For political scientist turned historian Doris Kearns Goodwin, history is all about telling stories, but how many times can a story be told before it becomes hackneyed? The challenge, especially when puffing up liberal icons as she’s done in previous books on Franklin and Eleanor Roosevelt (for which she won the Pulitzer Prize), the Kennedys, or her old boss Lyndon Johnson, is to find some new angle that will bring the oft-told tales to life again. She managed this trick brilliantly in Team of Rivals (2005), a Lincoln Prize-winner and the basis for Steven Spielberg’s hit film, in which a wider focus on Abraham Lincoln’s contentious cabinet brought the president’s shrewd statesmanship into starker relief—even if she mistook him for a liberal. In her new bestseller, The Bully Pulpit: Theodore Roosevelt, William Howard Taft, and the Golden Age of Journalism, Goodwin weaves together two stories—three if you count the wives’ tale—that make vivid how the American public came to support the far-reaching reforms of the Progressive era introduced by T.R. This is story-telling with a moral, for her “greatest hope” is that readers in the age of Obama will be inspired to support reforms that will help “bring our country closer to its ancient ideals.” What precisely these “ancient ideals” are she never says, but before one has read very far into the book, it becomes clear that they bear a remarkable resemblance to 20th-century progressivism.
As Goodwin tells us in the Preface, her interest in the subject dates back nearly 50 years to when, as a young professor, she taught a seminar on the Progressives, and most of her scholarly references are to the standard, predictably Left, accounts from the mid-20th century. Although she has included a scattering of more recent scholarship, as far as I can tell from the 113 pages of endnotes (there is no bibliography), most of her new research focuses on the letters and writings of the principal characters, along with newspaper reports of the day. These add color, but hardly a critical perspective. Goodwin adds nothing new when she gushes that the transformations taking place at the end of the 19th century were so profound that it seemed as if “a molt” had taken place, and “an altered country” had begun to emerge. A big part of this molt was “a new kind of presidency” (T.R.’s “stewardship” theory in which the executive could do whatever the needs of the people demanded) and, with this, she adds breezily, a “new vision of the relationship between the government and the people.” All this perfectly captures the mood of mid-20th-century progressivism, re-packaged for mass consumption as a series of human-interest stories.
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The first of these is the story of the friendship and later rivalry between Theodore Roosevelt and William Howard Taft, who emerged, to Goodwin’s surprise, as “a far more sympathetic, if flawed, figure” than she realized—sympathetic, because Taft was more of a progressive than the historians she read decades back gave him credit for. But he is nevertheless flawed because, for a variety of reasons, ranging from temperament to training, he failed to carry out his predecessor’s policies in the proper “spirit,” thus contributing to the smash-up of the Republican Party in 1912. Here then is the major result of Goodwin’s seven years of research: she is no longer willing to brand Taft a “conservative” as T.R. did; in every other respect her thinking remains preserved in progressive amber.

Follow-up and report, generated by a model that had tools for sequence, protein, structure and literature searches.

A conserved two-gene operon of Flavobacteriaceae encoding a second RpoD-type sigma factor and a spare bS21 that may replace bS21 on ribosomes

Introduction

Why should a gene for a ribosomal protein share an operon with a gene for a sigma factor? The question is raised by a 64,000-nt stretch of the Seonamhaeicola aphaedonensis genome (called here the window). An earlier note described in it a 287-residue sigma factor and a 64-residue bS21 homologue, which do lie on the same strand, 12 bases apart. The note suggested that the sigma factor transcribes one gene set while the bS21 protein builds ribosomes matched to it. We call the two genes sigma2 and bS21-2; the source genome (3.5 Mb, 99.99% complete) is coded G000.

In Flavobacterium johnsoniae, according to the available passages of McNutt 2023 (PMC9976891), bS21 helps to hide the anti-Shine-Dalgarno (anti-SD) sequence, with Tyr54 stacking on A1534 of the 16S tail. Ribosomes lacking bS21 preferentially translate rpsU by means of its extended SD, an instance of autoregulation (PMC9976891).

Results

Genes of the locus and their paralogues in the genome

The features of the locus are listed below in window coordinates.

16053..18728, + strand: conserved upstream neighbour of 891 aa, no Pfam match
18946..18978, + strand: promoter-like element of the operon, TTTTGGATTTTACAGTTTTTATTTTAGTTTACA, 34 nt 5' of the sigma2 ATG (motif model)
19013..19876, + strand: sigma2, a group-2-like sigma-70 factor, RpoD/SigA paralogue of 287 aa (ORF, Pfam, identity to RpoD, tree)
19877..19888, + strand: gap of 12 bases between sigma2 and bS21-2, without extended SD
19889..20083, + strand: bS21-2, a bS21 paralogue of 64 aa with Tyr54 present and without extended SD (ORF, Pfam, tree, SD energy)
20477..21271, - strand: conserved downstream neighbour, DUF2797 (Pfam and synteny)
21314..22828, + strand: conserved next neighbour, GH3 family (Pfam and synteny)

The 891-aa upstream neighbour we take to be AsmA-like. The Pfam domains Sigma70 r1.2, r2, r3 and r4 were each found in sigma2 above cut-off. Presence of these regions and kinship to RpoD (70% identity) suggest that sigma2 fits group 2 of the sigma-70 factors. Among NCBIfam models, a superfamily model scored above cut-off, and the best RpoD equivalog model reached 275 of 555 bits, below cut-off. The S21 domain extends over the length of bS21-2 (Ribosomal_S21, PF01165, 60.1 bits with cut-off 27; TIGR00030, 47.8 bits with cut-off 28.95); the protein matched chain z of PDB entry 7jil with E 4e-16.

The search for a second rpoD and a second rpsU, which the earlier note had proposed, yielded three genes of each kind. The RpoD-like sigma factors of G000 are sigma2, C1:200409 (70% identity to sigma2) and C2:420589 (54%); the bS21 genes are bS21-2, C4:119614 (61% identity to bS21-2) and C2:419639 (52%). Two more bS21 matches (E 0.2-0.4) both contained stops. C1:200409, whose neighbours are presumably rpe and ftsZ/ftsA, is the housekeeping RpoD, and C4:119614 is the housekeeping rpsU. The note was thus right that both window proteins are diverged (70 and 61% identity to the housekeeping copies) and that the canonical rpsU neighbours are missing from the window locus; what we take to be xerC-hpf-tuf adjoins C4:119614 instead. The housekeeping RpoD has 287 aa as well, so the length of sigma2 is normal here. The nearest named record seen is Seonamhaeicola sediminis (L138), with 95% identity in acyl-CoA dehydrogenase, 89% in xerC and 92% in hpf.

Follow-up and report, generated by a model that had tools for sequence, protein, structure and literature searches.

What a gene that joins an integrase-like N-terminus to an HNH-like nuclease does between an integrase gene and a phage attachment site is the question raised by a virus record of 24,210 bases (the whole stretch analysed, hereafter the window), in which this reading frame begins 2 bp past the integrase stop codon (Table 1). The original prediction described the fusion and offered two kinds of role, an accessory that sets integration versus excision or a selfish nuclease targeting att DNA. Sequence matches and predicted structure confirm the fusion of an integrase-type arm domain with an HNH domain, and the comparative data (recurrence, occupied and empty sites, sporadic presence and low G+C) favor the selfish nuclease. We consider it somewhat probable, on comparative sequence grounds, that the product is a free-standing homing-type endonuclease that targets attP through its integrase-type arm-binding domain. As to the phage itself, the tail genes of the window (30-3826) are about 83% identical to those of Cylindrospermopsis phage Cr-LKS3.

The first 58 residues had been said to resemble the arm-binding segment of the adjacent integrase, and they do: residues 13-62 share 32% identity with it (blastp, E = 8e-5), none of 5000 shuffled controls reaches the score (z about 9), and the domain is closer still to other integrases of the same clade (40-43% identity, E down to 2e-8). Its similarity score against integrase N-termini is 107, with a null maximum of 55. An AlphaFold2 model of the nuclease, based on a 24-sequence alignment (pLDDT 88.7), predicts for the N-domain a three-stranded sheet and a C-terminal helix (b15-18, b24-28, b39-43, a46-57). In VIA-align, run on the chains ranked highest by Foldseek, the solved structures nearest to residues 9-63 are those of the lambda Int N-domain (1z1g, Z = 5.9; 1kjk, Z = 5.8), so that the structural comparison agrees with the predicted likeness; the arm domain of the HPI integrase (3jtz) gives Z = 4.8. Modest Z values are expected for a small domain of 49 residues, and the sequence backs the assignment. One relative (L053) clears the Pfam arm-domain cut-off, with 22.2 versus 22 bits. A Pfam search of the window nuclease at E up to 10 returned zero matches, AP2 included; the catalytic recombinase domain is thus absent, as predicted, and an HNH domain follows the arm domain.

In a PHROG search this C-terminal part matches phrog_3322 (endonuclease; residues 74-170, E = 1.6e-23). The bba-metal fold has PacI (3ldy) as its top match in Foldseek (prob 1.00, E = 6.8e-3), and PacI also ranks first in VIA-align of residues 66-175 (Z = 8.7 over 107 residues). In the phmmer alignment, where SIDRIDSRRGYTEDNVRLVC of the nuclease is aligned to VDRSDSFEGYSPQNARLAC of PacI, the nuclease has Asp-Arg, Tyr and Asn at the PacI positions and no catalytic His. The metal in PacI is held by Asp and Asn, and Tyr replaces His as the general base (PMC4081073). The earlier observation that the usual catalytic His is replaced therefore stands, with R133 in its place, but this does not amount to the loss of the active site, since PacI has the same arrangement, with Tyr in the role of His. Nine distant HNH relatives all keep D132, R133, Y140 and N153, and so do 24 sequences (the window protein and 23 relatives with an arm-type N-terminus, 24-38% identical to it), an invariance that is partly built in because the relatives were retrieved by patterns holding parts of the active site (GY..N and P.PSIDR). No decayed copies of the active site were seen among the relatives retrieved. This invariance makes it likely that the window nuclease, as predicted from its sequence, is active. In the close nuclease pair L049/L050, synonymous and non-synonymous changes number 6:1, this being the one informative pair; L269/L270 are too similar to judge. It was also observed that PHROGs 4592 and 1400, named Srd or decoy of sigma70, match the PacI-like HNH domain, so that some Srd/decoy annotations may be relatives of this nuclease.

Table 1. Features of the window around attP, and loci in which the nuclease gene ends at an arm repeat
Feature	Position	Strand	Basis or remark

Interwoven with this account of a political friendship turned sour is the second story of T.R.’s and Taft’s very different relationships with muckraking reporters—especially the big three, Ray Stannard Baker, Ida Tarbell, and Lincoln Steffens, who worked at the Progressive magazine, McClure’s, headed by S.S. McClure—and their willingness to use the bully pulpit to promote their policies. From early on, Roosevelt recognized that a sympathetic press could be a useful ally in advancing his reforms—and his career—and courted its members assiduously. Unable to win the support of more conservative Republican lawmakers, he conspired with reporters to stoke public demand for his proposals. As president, T.R. repeatedly used the press to go over the heads of Congress and appeal directly to the people. This successful collaboration commenced “the golden age of journalism,” according to Goodwin. By contrast, Taft failed to ally with these firebrands to stir up public opinion, preferring instead to work with party leaders in Congress to advance his agenda. And although he succeeded in enacting significant reforms where the ever more splenetic Roosevelt had failed, Taft fell short by not understanding the historic role journalists could play in educating the public and mobilizing support.
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Many of Roosevelt’s exploits will be familiar to readers of The Bully Pulpit—all too familiar. This sprawling 750-page book would have been improved if Goodwin had contained her story-telling enthusiasms and concentrated on the parallel lives of her two antagonists (as John Milton Cooper did in his study of T.R. and Woodrow Wilson, The Warrior and the Priest: Woodrow Wilson and Theodore Roosevelt , a classic that Goodwin does not cite) and their differing relations with the muckraking press. But Goodwin can’t resist throwing in juicy details about McClure’s nervous breakdowns and extramarital affairs. The third story, of the wives—the pensive, private Edith Carow Roosevelt and the adventurous Helen (“Nellie”) Herron Taft—seems designed simply to boost the book’s female readership.